Use of Physicality
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All methods of sound reception require a level of physicality. However, the human hearing system is such an integral and natural part of life that it can be difficult to imagine the practice of hearing or listening as an especially physical process. Due to this, to create an explicitly physical experience from sound, one needs to work with ways to create a physical effect different to the inherent hearing system and is notable a physical experience. In this research, I refer to sound physicality as methods that fulfil and achieve this.
The most obvious method of giving a physicality is by interacting with the human physiology through sound resonance. The frequencies at the extreme ends of the human hearing spectrum can be felt as well as heard and if played at a high amplitude resonate directly with the body and become embodied.
An example of a low frequency
An example of a very high frequency
Please note: a high quality sound system or headphones are needed to fully appreciate both frequencies.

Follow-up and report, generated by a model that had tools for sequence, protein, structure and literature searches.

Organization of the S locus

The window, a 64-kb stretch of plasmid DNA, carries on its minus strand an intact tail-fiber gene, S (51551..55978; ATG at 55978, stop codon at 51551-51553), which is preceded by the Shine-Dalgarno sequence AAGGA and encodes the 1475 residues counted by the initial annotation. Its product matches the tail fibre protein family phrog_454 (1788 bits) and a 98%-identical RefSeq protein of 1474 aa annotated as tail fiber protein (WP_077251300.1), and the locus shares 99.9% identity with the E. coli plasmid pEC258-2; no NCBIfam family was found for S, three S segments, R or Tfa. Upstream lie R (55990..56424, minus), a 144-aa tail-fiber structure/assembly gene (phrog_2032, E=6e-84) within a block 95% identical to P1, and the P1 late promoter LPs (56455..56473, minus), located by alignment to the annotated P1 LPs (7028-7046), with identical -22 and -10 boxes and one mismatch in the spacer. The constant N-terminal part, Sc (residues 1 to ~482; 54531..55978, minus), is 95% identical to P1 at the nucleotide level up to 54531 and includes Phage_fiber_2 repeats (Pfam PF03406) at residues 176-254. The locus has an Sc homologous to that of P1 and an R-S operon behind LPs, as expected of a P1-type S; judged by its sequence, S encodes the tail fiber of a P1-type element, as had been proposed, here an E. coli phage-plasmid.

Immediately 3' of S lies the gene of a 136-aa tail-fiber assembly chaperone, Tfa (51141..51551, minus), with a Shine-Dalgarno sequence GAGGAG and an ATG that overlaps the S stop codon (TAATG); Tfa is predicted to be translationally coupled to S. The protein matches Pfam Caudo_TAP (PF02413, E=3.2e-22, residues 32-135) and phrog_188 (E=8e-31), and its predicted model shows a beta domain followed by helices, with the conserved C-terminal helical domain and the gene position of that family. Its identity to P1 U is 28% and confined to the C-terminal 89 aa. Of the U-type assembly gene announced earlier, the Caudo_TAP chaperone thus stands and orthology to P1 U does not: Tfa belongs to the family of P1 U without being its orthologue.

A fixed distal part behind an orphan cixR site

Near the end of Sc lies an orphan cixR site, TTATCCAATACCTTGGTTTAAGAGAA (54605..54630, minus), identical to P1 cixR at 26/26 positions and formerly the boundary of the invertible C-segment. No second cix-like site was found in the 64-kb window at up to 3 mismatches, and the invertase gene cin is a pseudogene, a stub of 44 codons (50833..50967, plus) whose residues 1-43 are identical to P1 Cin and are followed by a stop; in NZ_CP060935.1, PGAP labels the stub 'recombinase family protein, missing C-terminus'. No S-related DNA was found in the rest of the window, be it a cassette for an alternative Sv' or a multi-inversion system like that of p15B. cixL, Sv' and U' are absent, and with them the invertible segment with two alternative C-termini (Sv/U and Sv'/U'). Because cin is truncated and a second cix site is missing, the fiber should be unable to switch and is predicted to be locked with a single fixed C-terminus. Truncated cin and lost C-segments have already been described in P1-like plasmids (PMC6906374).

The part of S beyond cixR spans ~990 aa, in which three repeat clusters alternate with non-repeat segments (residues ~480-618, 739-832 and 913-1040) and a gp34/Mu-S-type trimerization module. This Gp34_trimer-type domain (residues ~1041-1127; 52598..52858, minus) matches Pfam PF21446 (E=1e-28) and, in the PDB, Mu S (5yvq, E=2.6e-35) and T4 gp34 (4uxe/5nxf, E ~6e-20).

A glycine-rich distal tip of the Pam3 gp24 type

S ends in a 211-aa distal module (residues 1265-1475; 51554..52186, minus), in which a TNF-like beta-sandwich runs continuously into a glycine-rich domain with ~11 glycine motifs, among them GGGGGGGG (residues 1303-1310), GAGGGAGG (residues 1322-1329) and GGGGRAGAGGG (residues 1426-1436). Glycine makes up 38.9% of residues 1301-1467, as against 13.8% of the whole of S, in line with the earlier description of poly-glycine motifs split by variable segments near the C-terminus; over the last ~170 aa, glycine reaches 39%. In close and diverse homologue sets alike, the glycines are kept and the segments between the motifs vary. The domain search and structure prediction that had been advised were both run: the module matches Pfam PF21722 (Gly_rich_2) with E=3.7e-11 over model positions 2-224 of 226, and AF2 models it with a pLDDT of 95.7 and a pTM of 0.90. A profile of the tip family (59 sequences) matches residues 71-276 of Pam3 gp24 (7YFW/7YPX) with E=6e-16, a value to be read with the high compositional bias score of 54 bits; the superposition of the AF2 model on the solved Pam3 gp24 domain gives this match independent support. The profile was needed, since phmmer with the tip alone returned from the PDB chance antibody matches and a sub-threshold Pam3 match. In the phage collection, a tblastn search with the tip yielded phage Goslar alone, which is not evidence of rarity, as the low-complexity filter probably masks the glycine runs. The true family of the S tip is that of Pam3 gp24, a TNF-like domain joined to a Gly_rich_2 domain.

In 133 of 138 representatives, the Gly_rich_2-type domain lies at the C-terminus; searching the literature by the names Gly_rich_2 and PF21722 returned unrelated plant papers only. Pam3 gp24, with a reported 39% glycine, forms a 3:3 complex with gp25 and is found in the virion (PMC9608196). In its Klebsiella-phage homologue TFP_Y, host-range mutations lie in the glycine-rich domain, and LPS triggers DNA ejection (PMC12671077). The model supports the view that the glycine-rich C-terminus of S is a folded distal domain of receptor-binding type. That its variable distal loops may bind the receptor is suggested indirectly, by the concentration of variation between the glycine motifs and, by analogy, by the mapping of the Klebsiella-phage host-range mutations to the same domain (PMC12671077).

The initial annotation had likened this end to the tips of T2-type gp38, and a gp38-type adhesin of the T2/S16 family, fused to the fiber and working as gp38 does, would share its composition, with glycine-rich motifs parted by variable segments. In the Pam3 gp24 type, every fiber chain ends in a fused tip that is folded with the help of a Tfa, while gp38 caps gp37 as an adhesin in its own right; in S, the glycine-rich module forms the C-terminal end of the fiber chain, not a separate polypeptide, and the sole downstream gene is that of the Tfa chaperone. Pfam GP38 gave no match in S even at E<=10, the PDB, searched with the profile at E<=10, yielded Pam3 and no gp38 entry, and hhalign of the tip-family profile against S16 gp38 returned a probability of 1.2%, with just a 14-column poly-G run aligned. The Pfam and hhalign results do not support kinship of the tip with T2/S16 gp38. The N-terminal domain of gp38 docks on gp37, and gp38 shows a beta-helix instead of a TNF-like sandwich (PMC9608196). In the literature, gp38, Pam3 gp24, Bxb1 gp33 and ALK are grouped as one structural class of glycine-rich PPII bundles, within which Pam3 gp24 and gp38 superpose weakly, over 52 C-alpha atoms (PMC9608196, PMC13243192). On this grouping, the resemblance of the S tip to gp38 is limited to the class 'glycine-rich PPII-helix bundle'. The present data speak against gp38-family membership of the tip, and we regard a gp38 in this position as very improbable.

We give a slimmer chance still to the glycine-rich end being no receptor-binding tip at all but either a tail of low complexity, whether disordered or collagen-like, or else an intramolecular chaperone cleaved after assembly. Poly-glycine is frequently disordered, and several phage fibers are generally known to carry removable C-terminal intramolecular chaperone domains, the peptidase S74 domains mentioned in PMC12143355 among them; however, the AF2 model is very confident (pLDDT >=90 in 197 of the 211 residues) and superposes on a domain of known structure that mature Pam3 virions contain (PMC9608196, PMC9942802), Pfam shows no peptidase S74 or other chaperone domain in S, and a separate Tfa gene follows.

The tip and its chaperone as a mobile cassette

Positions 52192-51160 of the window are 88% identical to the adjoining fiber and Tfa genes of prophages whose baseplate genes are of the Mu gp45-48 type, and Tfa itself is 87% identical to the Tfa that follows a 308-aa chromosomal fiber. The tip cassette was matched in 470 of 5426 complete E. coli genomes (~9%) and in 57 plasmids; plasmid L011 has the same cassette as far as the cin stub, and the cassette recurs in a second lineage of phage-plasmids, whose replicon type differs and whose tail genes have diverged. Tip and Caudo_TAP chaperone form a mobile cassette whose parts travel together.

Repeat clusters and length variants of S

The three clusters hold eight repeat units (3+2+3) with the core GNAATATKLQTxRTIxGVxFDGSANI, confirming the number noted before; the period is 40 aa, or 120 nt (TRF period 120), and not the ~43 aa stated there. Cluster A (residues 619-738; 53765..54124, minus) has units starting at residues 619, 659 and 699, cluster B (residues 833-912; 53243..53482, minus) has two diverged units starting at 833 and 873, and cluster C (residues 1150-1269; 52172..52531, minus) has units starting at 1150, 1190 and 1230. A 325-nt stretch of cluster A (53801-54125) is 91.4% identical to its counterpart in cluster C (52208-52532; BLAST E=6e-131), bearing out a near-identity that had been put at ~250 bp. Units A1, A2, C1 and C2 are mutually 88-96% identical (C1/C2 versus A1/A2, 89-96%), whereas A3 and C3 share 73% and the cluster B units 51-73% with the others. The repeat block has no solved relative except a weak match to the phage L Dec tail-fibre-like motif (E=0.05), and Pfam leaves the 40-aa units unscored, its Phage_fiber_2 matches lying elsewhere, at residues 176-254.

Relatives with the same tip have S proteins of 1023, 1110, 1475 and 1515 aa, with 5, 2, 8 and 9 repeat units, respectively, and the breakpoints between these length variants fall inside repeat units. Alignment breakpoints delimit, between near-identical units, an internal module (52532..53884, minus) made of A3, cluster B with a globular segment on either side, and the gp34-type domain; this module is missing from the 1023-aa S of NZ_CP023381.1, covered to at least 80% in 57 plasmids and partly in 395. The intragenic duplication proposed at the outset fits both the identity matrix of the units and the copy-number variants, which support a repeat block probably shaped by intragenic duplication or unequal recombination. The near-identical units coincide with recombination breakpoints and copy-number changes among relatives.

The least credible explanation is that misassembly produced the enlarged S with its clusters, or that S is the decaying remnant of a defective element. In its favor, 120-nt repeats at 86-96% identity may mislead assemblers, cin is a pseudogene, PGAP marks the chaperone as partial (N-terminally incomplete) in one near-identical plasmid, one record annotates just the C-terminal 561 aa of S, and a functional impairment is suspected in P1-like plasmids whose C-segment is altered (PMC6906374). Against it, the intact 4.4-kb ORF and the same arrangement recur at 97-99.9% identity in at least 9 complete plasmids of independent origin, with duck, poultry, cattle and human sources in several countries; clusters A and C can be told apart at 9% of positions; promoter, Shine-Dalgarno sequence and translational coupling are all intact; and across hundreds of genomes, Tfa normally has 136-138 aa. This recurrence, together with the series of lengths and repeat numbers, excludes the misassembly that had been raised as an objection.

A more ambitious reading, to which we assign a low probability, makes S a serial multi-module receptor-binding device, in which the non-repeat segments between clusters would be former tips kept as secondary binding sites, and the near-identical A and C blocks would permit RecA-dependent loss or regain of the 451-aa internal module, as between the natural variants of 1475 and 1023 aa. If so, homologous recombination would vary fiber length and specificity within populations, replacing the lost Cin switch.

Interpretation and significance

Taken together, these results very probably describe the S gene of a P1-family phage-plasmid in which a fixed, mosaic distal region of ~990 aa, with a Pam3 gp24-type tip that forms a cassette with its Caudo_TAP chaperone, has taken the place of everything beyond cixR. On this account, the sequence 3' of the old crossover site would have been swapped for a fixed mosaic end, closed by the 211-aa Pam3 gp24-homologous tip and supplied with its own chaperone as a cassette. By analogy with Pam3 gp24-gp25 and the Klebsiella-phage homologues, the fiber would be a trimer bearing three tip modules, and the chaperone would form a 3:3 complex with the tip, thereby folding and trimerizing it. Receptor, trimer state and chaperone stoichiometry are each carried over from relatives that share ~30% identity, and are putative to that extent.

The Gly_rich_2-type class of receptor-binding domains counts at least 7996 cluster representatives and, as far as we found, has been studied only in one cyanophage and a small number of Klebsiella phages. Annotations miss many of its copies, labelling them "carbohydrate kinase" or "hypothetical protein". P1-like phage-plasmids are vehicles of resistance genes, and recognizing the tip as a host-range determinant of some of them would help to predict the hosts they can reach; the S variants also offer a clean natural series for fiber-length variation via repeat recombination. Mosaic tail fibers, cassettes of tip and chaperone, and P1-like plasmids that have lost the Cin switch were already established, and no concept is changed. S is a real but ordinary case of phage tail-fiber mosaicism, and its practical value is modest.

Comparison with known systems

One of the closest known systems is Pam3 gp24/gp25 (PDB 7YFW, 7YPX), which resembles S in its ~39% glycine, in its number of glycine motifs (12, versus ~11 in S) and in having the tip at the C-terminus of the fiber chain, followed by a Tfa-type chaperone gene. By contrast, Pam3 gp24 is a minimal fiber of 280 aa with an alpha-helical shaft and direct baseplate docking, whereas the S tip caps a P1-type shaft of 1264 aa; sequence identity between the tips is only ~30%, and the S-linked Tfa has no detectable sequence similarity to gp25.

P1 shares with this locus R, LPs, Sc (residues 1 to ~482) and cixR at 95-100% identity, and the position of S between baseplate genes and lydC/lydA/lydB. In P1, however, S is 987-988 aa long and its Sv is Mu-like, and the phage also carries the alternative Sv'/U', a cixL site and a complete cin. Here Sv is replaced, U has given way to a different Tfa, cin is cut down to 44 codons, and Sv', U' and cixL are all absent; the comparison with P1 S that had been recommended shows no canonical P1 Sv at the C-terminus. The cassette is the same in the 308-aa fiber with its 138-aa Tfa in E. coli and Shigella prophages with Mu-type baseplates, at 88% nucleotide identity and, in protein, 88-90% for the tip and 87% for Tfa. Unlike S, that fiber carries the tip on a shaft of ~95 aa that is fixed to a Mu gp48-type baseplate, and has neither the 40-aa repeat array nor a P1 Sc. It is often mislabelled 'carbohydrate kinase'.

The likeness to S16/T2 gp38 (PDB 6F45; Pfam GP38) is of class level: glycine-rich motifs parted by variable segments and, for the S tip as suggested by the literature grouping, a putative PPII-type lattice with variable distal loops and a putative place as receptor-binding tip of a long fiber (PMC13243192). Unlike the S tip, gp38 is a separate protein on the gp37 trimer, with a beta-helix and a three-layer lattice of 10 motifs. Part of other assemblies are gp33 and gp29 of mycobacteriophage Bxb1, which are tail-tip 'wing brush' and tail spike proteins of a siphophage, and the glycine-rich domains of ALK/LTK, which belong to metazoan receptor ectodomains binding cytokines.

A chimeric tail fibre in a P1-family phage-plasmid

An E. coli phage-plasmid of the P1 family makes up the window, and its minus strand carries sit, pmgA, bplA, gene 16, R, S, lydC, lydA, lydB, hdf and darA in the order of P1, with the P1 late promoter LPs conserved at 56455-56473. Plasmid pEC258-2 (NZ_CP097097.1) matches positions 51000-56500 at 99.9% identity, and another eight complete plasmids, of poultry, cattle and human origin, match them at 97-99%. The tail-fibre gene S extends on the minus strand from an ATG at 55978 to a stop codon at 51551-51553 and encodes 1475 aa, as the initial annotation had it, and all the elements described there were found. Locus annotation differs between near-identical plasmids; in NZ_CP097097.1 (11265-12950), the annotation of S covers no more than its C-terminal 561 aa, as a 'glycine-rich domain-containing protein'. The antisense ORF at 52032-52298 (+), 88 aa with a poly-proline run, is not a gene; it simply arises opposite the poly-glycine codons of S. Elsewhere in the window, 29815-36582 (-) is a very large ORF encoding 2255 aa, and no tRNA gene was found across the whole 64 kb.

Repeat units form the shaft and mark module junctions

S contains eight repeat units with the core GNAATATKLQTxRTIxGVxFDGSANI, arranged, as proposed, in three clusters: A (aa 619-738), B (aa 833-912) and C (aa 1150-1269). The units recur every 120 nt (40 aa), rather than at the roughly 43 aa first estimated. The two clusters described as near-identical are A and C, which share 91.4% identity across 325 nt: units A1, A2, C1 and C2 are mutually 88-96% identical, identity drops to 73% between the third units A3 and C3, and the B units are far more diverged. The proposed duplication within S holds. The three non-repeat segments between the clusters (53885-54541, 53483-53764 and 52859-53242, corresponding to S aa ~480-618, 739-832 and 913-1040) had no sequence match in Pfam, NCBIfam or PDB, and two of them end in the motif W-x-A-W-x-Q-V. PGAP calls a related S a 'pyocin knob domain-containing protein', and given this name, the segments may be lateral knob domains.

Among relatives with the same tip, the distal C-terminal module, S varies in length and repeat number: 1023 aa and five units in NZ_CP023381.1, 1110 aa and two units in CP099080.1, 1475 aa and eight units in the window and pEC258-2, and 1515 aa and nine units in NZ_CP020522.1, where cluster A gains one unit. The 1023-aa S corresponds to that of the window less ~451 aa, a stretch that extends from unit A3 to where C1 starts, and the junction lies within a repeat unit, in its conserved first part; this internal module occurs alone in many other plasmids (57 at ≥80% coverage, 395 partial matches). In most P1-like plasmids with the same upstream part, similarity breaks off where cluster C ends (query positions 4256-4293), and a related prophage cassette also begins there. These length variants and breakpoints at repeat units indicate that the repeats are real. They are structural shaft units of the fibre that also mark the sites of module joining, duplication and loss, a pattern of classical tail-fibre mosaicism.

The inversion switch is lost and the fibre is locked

This sensation of feeling sound was explored in the works of Bernhard Leitner. A work by Leitner of particular note is Sound Chair (1975), in which a participant sits on a specially constructed chair with in-built speakers facing towards different locations on their body. Leitner talked about different parts of the body hearing and being receptacles to sound entering them (LaBelle 2006). He created the piece in such a way that different parts of the composition would play to different parts of the body. For example, low drones were played towards lower regions of the body and oscillated, moving to the upper torso (LaBelle 2006). Leitner also created a work called Sound Suit (1975), which, as apparent from the title, is a suit to be worn by the participant. The suit houses several speakers that point towards the body. Through this technique the sound is embodied or, in Leitner’s words, ‘a sound-space sculpture materialises, which accumulates and manifests itself in the body’ (Leitner n.d.).
07:04 - Leitner discusses his works which sound to the body
Gascia Ouzounian in an article for Contemporary Music Review in 2006 writes on uniting space, sound and embodiment stating:
‘Sound works designed for the body tend to bear a strong sense of ritual, conjoining physical spaces with their metaphysical complements. An encounter of real and imagined spaces, wrought in the body, produces alternating fields of vibration—at times beating positively to create an augmented awareness of self, spirit and surrounding; at other times clashing to reveal the limits of the body: that it is socially determined and determining; that it is an instrument of control; that, ultimately, it fails the user’ (Ouzounian 2006).